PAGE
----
Driving to the office, Marie, CIO of a large bank in France, often has this quote from Bill Gates on her mind: “We always overestimate the change that will occur in the next two years and underestimate the change that will occur in the next 10. Don’t let yourself be lulled into inaction.”
This morning the thought is particularly persistent. Her company has recently embarked on a digital transformation programme and she has been looking to recruit employees with different skill sets in areas such as artificial intelligence (AI), cybersecurity and the Internet of Things (IoT).
Marie knows that the secret to digital is analogue. She also knows that her organisation cannot unlock the business value of technology without people.
Speaking ahead of her track on work, people and culture at the Gartner Symposium/ITxpo in Cape Town in September, De’Onn Griffin, research director at Gartner, explains: “Like Marie, no one will escape the impact of social developments, digital business, consumer behaviours and emerging technologies.”
The digital component of most jobs will accelerate, putting an emphasis on workforce digital dexterity — that is, the ability and desire to use new and existing technologies for better business outcomes.
According to Gartner, as individuals, we will increasingly gravitate toward work and organisations that accelerate “We Working” — a work philosophy that depends on ensembles of autonomous and high-performing teams fulfilling critical outcomes.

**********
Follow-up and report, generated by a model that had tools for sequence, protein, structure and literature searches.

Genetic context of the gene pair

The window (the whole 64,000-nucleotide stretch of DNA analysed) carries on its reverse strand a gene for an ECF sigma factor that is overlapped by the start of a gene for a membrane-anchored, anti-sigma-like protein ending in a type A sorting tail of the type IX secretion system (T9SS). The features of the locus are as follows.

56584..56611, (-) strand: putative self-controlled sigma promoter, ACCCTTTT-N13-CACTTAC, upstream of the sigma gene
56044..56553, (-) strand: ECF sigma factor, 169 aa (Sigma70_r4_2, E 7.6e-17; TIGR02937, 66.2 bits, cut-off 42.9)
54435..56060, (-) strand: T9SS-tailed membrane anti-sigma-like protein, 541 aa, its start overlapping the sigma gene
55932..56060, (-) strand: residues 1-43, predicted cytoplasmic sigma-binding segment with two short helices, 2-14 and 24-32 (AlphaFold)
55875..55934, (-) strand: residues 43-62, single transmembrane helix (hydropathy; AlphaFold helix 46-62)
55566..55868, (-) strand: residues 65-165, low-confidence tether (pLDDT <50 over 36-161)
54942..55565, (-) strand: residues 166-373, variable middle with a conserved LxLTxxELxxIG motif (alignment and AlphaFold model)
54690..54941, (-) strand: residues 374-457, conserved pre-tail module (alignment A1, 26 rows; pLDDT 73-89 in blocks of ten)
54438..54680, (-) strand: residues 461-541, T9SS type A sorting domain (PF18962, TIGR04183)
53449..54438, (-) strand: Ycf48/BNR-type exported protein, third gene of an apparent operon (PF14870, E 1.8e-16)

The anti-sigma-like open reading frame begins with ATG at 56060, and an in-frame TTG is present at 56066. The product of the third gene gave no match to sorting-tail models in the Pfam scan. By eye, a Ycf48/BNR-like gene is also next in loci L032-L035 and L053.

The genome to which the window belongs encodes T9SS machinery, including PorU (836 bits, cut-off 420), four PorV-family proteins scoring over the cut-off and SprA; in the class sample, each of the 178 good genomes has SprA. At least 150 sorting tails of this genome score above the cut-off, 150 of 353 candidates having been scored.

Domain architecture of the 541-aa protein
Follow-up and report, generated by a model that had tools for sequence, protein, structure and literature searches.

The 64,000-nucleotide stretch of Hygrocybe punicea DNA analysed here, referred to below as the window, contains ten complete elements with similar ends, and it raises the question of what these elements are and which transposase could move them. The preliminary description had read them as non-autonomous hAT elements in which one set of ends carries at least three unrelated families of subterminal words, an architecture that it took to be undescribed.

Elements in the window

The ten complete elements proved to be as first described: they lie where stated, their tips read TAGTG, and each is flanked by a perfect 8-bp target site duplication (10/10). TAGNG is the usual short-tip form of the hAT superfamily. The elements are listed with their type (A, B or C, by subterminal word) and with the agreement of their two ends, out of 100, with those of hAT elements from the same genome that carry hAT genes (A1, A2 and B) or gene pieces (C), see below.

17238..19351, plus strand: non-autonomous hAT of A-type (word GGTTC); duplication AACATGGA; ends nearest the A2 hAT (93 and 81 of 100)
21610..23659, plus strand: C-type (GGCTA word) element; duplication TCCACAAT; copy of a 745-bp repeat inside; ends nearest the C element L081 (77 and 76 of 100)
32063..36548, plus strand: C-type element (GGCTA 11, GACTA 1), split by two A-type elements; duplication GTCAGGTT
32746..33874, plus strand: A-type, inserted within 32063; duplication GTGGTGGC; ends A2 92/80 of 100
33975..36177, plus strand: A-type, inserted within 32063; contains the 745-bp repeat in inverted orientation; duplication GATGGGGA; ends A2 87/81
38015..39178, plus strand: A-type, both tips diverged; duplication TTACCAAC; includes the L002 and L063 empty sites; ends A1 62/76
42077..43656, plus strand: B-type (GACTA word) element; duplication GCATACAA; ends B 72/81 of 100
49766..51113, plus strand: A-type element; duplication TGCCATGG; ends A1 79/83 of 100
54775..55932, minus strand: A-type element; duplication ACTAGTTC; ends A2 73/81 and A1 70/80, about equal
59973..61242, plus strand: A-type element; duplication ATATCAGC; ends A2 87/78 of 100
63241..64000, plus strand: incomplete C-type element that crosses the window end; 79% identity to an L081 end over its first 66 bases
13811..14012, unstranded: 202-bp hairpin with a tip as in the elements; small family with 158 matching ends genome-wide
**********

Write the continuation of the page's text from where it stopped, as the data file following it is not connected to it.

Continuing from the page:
Work will revolve around portfolios of diversified roles and skills performed in teams that dynamically resize and reform.
“CIOs and business leaders must anticipate how trends in business, society, technology and information will converge to change where, when, why and with whom we will work in a digital business,” says Griffin. “However, there are two remaining challenges that CIOs need to control to achieve greater business and personal success.”
First CIO challenge
In 2018, teams form as loosely federated groups of people, pulled together in an ad hoc fashion or by reporting structure. “In this situation, teaming is recognised more as a behavioural competency (such as team spirit and collaboration) than as a legitimate organisational principle,” says Griffin.
In 2028, the complexity and scale of business objectives will require the involvement and orchestration of brainpower and expertise across organisational boundaries and borders in ways more intricate than today. “We Working” will take the concept of teaming and industrialise it, removing the casualness and converting it into a source of excellence.
“In 2018, we need fewer people managers, as many of the management tasks such as collecting data, supervising actions and ensuring compliance are completed by algorithms or robobosses,” she adds. “People managers are focusing their time on people-related activities that require intuition, empathy and interpersonal communication.”
Second CIO challenge
The illiterate of the 21st century will not be those who cannot read and write, but those who cannot learn, unlearn and relearn. “In short, constant upskilling and employee digital dexterity will outweigh tenure and experience,” Griffin explains.
Professionals who embrace continuous learning and improvement of digital skills will excel more than colleagues with greater tenure or experience. These professionals will be adept at learning new concepts and techniques — and will be able to “unlearn” existing or outdated concepts, methods or tasks that are no longer applicable to the world of “We Working.”
“CIOs seeking to master the dynamics of leadership, culture and people during the next 10 years should go to the extreme and be daring. They need to create a 10-year scenario for “We Working,” and prepare for the combination of people + AI + robots in the workplace and how they will enrich and invigorate work dynamics,” concludes Griffin.